Gabriella Tyrrell splashes for the ball as Jaydon Raymond tries to intercept from the side during Sunday’s water polo practice session at SEAPARC Leisure Complex.

Water polo is making a splash

SEAPARC offering water polo to youth every Sunday morning

Water polo is making a splash in Sooke, with a new program at SEAPARC Leisure Complex.

Myles Wallace, an instructor at SEAPARC, developed the new program after playing competitive water polo in Vancouver.

Aquatic programmer Elizabeth Olsen, who helped launch the program, wasn’t sure if water polo would takeoff in Sooke.

Within days, the water polo program was booked solid with 21 youth taking part every Sunday morning.

Water polo is a graceful dance of pinpoint passes and creative playmaking, punctuated by powerful shots on net.

The game consists of six field players and a goalkeeper. Except for the goalkeeper, players participate in both offensive and defensive roles.

SEAPARC’s aquatic program has been growing quickly over the last two years with hundreds of children and adults looking for new opportunities in the water.

Part of the problem Sooke has in developing new programming is the lack of qualified staff to run certain programs, so when Wallace offered and was keen to try water polo, Olsen grabbed the opportunity.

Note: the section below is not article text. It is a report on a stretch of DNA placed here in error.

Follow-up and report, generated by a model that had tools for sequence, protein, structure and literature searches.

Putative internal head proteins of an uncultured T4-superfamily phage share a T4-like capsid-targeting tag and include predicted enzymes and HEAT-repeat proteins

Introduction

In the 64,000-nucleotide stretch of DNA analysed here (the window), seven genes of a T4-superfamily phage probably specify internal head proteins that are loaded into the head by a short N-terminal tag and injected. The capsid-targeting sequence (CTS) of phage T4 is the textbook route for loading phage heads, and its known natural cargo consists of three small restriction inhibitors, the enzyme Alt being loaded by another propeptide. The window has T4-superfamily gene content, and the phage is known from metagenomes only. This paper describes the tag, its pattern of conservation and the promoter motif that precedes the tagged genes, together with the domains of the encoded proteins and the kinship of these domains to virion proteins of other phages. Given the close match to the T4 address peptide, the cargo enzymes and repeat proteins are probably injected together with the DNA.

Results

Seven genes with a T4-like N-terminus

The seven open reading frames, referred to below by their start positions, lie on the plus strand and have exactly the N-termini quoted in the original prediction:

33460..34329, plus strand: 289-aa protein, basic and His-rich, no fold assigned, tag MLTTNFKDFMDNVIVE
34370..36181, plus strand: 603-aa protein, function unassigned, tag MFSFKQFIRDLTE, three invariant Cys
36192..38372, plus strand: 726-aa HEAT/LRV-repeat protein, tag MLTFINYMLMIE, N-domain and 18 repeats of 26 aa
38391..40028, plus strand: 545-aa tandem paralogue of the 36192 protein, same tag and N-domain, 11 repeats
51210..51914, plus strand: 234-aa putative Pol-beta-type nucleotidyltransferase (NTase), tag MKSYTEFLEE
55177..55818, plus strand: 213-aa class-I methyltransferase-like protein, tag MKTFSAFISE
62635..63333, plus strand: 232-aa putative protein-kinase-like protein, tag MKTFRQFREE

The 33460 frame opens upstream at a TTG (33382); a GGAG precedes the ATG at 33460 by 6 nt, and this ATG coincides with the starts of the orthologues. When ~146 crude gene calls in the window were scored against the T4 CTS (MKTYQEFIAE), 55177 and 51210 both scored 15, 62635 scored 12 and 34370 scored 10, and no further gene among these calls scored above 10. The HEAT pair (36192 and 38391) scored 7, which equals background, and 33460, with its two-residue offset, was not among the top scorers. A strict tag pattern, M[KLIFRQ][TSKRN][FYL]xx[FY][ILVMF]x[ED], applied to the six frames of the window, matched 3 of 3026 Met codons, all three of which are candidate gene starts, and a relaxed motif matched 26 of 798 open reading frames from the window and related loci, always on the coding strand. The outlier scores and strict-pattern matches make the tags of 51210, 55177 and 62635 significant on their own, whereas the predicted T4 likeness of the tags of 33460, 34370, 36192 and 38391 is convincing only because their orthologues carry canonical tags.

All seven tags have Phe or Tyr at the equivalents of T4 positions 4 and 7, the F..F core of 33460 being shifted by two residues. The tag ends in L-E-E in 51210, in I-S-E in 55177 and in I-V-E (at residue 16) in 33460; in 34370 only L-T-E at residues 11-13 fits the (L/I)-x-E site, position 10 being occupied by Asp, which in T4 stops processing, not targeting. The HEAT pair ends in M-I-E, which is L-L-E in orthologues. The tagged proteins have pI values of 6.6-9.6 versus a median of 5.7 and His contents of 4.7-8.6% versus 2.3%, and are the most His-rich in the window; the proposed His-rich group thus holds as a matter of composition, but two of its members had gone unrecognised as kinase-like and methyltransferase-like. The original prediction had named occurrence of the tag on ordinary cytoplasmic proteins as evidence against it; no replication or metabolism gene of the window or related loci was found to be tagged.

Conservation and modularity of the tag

“I decided to do it to keep people active and it’s a really hard workout as well as fun communication and something else to do with the pool,” she said.

The Sunday water polo program has a mixed level of skill level and the group has been divided into two. There’s even talk of expanding the program into an adult night league.

The ultimate hope for Olsen is to move into a development program for youth, and perhaps enter into a competitive league in Greater Victoria.

“One thing we always need to keep in mind at SEAPARC is that recreation is for everyone – not just the super competitive – so we design our programs for everyone,” Olsen said.

 

Synchronized swimming takes to the pool

Water polo is not the only new program SEAPARC is offering in the pool this winter.

A 10-week program for synchronized swimming began two weeks ago and the 22 spots were filled immediately, said Elizabeth Olsen, aquatic programmer.

The program was offered for free when SEAPARC received a grant from VIA Sport and the province. The grant was aimed towards girls, ages seven to 14.

SEAPARC staffer Jo-Anne Aspin, a former competitive synchronize swimming athlete, is leading the program.

“We never had this kind of program before now,” Olsen said. “It’s just a very good, feel good kind of program.”

 

 

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